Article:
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We also produced a time-lapse map of mass shootings in the United States illustrating both where and when mass shootings have occurred using the Stanford Geospatial Center’s database to illustrate this trend over time:

Our map charts mass shootings with 3 or more victims over roughly 5 decades, since 1966. The dataset takes us through the Charleston and Chattanooga shootings, which brought 2015 to 42 mass shootings . The dataset is composed of 216 separate incidents only 5 of which were committed by lone woman shooters. Below we produced an interactive map depicting all of the mass shootings in the dataset with brief descriptions of the shootings.

In our chapter in Stombler and Jungels’ forthcoming book, we cull existing research to answer two questions about mass shootings: (1) Why is it men who commit mass shootings? and (2) Why do American men commit mass shootings so much more than men anywhere else?  Based on sociological research, we argue that there are two separate explanations – a social psychological explanation and a cultural explanation (see the book for much more detail on each).

A Social Psychological Explanation

Research shows that when an identity someone cares about is called into question, they are likely to react by over-demonstrating qualities associated with that identity.  As this relates to gender, some sociologists call this “masculinity threat.”  And while mass shootings are not common, research suggests that mass shooters experience masculinity threats from their peers and, sometimes, simply from an inability to live up to societal expectations associated with masculinity (like holding down a steady job, being able to obtain sexual access to women’s bodies, etc.) – some certainly more toxic than others.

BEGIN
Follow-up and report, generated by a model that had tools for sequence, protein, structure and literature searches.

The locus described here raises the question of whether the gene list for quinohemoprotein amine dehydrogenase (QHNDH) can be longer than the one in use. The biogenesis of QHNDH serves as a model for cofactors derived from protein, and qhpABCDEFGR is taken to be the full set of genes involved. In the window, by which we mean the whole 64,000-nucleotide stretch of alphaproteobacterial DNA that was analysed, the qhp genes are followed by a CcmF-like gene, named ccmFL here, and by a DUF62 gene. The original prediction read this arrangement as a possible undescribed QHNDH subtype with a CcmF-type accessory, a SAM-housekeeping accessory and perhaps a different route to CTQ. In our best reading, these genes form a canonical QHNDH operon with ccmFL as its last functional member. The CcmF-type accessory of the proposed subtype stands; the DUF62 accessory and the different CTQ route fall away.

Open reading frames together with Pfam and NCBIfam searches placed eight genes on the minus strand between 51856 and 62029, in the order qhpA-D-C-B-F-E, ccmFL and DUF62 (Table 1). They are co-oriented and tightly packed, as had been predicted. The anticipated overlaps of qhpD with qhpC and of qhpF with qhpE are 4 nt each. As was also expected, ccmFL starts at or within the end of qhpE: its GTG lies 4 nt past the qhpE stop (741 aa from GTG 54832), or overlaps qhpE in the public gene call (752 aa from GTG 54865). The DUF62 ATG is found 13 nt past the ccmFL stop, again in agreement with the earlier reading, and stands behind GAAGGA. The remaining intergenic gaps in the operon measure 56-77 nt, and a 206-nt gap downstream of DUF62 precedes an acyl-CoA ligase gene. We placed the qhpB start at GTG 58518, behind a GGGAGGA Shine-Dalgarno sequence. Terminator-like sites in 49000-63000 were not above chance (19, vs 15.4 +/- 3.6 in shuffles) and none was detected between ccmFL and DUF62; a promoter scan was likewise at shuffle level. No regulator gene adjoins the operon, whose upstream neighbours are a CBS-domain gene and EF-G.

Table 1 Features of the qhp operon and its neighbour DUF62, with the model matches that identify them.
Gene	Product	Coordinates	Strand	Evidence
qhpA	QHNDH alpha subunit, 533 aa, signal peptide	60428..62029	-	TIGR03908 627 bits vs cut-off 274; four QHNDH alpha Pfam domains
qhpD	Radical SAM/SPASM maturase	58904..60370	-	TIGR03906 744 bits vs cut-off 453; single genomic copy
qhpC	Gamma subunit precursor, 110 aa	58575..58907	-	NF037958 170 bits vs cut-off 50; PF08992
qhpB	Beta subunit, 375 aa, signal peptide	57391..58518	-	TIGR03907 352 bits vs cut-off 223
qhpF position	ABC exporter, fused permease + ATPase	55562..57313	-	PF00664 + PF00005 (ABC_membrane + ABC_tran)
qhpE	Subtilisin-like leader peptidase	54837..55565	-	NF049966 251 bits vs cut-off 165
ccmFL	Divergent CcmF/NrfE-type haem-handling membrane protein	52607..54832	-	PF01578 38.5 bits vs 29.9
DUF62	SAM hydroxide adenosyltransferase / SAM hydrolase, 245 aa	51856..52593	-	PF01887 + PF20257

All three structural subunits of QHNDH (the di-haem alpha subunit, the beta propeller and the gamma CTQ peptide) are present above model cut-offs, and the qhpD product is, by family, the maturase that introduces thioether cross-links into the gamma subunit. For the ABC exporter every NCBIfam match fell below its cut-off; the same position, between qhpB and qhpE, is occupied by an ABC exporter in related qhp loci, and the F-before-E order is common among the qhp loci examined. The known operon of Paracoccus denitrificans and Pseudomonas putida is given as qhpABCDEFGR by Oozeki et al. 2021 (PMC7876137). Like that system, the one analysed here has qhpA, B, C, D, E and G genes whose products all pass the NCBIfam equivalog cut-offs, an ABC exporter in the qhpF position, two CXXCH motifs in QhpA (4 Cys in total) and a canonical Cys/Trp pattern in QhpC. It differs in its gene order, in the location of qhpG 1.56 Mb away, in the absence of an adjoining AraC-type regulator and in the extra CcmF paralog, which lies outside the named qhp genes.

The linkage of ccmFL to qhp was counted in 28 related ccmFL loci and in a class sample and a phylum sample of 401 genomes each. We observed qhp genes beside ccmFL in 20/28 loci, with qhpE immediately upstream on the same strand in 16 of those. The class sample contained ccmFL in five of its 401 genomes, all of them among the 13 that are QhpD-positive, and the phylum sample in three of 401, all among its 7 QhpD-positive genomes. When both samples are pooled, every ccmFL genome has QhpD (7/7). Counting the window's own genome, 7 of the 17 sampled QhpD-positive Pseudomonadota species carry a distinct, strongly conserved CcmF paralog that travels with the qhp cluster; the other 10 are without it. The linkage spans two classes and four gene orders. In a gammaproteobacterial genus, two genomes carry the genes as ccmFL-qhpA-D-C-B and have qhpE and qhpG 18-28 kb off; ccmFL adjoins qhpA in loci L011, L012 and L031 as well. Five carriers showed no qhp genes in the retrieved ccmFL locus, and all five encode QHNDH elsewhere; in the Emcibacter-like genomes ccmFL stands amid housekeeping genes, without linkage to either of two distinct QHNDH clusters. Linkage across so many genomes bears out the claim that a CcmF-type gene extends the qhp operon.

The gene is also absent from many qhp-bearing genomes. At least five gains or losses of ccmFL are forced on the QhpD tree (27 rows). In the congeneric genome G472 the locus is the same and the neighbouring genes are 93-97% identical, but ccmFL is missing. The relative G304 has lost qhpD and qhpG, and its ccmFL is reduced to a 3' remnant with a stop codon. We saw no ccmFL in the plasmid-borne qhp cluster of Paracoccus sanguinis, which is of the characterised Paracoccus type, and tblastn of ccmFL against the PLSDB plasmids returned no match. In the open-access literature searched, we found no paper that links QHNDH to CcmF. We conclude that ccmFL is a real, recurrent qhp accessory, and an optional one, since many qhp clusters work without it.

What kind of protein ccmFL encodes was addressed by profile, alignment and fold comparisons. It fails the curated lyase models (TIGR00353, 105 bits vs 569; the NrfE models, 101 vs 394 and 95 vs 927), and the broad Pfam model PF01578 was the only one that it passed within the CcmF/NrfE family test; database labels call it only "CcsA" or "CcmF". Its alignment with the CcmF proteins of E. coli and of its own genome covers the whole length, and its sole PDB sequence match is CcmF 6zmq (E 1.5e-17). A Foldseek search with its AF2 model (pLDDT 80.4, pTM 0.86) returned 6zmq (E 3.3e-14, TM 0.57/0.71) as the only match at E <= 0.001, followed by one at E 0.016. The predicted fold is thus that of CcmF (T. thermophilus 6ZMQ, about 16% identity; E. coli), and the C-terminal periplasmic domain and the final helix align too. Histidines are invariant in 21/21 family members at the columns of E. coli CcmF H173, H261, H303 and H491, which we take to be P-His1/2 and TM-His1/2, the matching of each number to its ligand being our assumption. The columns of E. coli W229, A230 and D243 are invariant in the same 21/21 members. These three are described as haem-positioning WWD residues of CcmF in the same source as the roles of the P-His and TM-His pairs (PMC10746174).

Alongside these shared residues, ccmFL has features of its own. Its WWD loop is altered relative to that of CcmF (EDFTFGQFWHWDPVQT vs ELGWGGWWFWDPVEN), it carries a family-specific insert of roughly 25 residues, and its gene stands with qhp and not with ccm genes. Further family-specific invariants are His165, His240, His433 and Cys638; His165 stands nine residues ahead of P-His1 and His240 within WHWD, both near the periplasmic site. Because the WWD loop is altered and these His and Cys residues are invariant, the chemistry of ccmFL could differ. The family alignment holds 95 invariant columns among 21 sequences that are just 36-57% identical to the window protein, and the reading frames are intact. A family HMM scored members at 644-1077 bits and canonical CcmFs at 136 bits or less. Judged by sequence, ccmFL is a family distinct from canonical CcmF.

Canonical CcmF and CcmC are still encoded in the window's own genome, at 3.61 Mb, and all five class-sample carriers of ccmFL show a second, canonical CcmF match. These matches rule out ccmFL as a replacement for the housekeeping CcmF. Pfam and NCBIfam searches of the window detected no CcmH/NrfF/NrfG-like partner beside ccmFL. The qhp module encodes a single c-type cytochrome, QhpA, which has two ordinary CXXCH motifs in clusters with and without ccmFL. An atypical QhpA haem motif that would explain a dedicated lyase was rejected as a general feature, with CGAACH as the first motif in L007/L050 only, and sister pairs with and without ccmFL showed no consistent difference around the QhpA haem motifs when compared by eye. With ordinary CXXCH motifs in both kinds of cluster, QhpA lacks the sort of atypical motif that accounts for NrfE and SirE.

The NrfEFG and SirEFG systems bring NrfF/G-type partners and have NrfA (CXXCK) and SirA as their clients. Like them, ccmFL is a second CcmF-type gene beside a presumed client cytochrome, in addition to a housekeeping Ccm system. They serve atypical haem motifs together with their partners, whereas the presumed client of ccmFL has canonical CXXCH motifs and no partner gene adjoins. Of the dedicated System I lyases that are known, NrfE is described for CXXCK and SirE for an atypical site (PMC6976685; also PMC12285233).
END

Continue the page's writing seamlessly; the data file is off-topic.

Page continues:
The research on this topic is primarily experimental.  Men who are brought into labs and have their masculinity experimentally “threatened” react in patterned ways: they are more supportive of violence, less likely to identify sexual coercion, more likely to support statements about the inherent superiority of males, and more.

This research provides important evidence of what men perceive as masculine in the first place (resources they rely on in a crisis) and a new kind evidence regarding the relationship of masculinity and violence.  The research does not suggest that men are somehow inherently more violent than women.  Rather, it suggests that men are likely to turn to violence when they perceive themselves to be otherwise unable to stake a claim to a masculine gender identity.

A Cultural Explanation

But certainly boys and men experience all manner of gender identity threat in other societies.  Why are American boys and men more likely to react with such extreme displays?  To answer this question, we need an explanation that articulates the role that American culture plays in influencing boys and young men to turn to this kind of violence at rates higher than anywhere else in the world.  This means we need to turn our attention away from the individual characteristics of the shooters themselves and to more carefully investigate the sociocultural contexts in which violent masculinities are produced and valorized.

Men have historically benefited from a great deal of privilege – white, educated, middle and upper class, able-bodied, heterosexual men in particular.  Social movements of all kinds have slowly chipped away at some of these privileges.  So, while inequality is alive and well, men have also seen a gradual erosion of privileges that flowed more seamlessly to previous generations of men (white, heterosexual, class-privileged men in particular).  Michael Kimmel suggests that these changes have produced a uniquely American gendered sentiment that he calls “aggrieved entitlement.”  Of course, being pissed off about an inability to cash in on privileges previous generations of men received without question doesn’t always lead to mass shootings.  But, from this cultural perspective, mass shootings can be understood as an extremely violent example of a more general issue regarding changes in relations between men and women and historical transformations in gender, race, and class inequality.